Historically, buttermilk has been a rich dairy drink that has enjoyed runs of high popularity, particularly in the American South, but today it's mostly used in cooking and baking for added flavor. Like yogurt, buttermilk contains probiotics that make it an active dairy culture. These bacteria are safe to eat and can even improve your health. Despite its name, buttermilk also has lower fat content than some types of milk, but still features high calcium content.
Buttermilk has probiotic qualities that help regulate your body's gastrointestinal system. This is because probiotics introduce healthy bacteria into your body, particularly the digestive tract, where bacteria is essential for the breakdown and absorption of foods and their nutrients.
Buttermilk also provides you with bone-building calcium. Each cup of buttermilk offers 284 milligrams of the mineral, or 28 percent of your recommended daily intake. The calcium in buttermilk gets incorporated into your bone tissue to maintain bone density, and also plays a role in helping your cells communicate with each other. Calcium also nourishes other tissues, including your muscles, heart and nerves.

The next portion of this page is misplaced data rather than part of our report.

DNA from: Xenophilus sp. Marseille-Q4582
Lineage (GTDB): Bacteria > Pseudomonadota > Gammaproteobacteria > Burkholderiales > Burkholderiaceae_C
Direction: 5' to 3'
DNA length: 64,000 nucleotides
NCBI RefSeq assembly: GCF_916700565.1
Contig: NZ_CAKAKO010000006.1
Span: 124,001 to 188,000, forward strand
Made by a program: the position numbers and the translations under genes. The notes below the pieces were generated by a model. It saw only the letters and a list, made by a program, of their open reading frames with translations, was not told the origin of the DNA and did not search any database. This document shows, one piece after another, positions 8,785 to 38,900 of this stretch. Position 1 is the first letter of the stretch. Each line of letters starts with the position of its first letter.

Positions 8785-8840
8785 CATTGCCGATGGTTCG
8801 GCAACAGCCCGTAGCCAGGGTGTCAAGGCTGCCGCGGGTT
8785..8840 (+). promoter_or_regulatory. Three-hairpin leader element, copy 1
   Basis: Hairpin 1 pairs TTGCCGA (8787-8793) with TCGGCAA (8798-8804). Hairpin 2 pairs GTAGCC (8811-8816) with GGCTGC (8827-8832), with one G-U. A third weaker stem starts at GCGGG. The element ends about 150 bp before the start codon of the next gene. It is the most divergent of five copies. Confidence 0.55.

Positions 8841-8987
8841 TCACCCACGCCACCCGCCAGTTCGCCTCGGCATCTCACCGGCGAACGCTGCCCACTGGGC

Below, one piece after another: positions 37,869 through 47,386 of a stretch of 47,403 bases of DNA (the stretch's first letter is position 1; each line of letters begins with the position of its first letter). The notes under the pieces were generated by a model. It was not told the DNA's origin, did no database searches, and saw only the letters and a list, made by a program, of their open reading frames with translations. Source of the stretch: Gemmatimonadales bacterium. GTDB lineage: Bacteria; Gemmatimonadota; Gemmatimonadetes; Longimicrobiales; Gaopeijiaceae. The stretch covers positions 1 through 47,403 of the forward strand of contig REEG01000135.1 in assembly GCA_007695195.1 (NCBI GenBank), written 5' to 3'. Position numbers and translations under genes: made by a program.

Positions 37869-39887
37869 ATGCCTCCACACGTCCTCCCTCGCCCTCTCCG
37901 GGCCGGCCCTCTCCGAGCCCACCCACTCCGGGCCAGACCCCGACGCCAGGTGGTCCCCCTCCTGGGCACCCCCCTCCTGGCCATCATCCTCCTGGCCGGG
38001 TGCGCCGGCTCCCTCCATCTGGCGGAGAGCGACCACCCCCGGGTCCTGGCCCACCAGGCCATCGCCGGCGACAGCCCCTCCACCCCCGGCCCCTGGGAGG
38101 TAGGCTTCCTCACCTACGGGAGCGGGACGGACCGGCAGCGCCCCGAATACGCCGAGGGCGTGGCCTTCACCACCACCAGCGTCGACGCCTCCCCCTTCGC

You'll also find loaded with health benefits due to its vitamin content. Vitamin and D supports your immune system, keeping it strong and able to fight off infection. It also helps your body use calcium to maintain bone health and plays a role in cell growth. A serving of buttermilk provides you with 127 international units of vitamin D, or 21 percent of your recommended daily intake.
- New York Times: Got Buttermilk?
- Australian Women's Weekly: Buttermilk
- Linus Pauling Institute: Vitamin D
- University of California: Making Buttermilk
- University of Florida: Commonly Asked Questions about Probiotics and the Potential Benefits for Your Health
- NutritionalValue.org: Milk, Whole, Fluid, Buttermilk
- Linus Pauling Institute: Calcium
This article reflects the views of the writer and does not necessarily reflect the views of Jillian Michaels or JillianMichaels.com.